A Magnificent Disaster

The Failure of Market Garden, the Arnhem Operation September 1944. David Bennett

A Magnificent Disaster

About the Book

 

Market Garden, the Arnhem Operation, is usually seen as a British attempt to gain a foothold across the Rhine, assisted by American and Polish airborne forces. So it was ; but David Bennet shows that the British effort was one arm of a proposed grand envelopment of the Ruhr industrial region, the other calling for a further crossing of the Rhine to the south by the US 1st Army. There has been much complaint that the Arnhem Operation was a costly distraction from the campaign to clear the Sheldt Estuary and the great port of Antwerp to Allied supply ships. In an entirely new interpretation, David Bennet argues that no one made an issue of the Sheldt Estuary in September 1944 and, in particular there was no great mistake in allowing the German Fifteenth Army to escape from its positions along the Sheldt. It was not a good idea to lock the Germans in the Sheldt Islands, and in any case, they had no intentions of escaping to the mainland. Operation Market Garden was a far greater proposition than the mere capture of a Rhine bridgehead suggests. The British aimed to go further and cut off the western Netherlands with its V-2 rocket sites and sizeable garrison. In doing this, they used all three corps of their Second Army, not just the Paratroopers and the famous XXX Corps under General Brian Horrocks. The story of the two flanking corps, XII and VIII, in Market Garden is told in detail, again for the first time, including the terrible losses sustained by the former and the impressive territorial gains made by the latter. It has long been known that the Polish paratroop commander Sosabowski, was shabbily treated by the British. Bennett's research shows, conclusively, that Sosabowski and his valliant brigade, in a campaign of men-dacious hostillity, were blamed for the failure to reinforce the British airborne division cut off north of the Rhine, and how the British botched the relief efforts while claiming afterward that they should have adopted Sosabowski's plan, which at the time, angrily rejected. In the end, the 2, 400 British paratroopers who escaped were evacuated by a single company of Canadian engineers, a staggering achievement which has been almost totally hidden from history. "A magnificent disaster" Arnhem certainly was. Need it have been ? Did the Allies truly try to go "a Bridge too far"? In a consideration of logistics, communications, intelligence and military culture, as well as leadership and tactical enterprise, David Bennett supplies some intriguing conclusions.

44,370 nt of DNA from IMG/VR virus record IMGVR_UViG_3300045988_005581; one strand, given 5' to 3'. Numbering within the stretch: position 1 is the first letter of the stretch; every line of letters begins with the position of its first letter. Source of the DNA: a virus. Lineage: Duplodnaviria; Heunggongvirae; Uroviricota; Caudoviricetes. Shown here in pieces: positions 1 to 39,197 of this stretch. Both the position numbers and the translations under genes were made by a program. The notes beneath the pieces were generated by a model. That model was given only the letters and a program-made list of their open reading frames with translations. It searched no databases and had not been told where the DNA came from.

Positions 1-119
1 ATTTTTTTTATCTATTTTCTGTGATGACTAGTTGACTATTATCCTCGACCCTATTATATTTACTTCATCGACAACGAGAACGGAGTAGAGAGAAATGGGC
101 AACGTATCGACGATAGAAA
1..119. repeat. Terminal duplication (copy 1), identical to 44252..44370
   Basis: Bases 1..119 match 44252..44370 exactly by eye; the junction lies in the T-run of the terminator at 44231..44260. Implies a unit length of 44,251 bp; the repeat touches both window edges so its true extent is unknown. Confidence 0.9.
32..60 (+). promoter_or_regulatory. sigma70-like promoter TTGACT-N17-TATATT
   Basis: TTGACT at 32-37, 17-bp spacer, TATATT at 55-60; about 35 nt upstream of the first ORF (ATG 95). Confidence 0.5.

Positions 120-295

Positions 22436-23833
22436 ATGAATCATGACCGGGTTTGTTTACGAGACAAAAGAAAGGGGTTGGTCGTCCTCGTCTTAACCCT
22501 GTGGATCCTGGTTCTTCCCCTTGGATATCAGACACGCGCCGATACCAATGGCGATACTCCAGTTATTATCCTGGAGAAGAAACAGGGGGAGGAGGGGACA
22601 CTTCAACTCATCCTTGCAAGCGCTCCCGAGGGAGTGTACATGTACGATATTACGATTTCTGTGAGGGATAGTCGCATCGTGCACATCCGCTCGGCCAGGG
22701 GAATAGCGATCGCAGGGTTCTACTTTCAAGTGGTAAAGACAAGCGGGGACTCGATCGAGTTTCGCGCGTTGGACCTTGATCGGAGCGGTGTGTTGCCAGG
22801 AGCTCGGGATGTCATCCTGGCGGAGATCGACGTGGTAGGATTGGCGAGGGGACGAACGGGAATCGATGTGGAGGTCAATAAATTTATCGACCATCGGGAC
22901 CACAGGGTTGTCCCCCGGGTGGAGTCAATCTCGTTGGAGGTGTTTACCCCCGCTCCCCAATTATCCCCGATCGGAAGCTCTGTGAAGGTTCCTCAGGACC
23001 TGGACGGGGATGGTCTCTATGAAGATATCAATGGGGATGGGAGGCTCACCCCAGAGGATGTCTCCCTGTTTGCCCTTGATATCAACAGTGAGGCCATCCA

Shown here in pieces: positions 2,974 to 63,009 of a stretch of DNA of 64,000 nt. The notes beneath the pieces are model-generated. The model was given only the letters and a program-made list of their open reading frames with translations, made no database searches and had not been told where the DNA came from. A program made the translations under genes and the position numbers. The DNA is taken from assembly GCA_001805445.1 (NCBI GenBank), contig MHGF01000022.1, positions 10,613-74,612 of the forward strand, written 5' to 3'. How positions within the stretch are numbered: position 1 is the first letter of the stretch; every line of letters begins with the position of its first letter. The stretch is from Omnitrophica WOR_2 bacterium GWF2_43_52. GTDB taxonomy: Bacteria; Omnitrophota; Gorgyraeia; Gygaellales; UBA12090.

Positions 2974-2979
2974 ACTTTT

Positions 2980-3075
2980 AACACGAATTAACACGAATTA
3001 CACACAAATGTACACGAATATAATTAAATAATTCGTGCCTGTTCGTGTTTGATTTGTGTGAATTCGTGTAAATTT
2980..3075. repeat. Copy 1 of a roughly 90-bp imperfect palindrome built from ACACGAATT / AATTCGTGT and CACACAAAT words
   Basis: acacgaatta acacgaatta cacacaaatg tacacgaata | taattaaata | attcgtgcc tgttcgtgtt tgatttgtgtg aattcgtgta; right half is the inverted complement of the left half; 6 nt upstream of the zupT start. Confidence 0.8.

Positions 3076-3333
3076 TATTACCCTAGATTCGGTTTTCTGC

Format: Hardcover

 

Pages: 352

 

Size: 23cm x 15cm x 2cm

 

Our Price: £15.99 plus P+P

 

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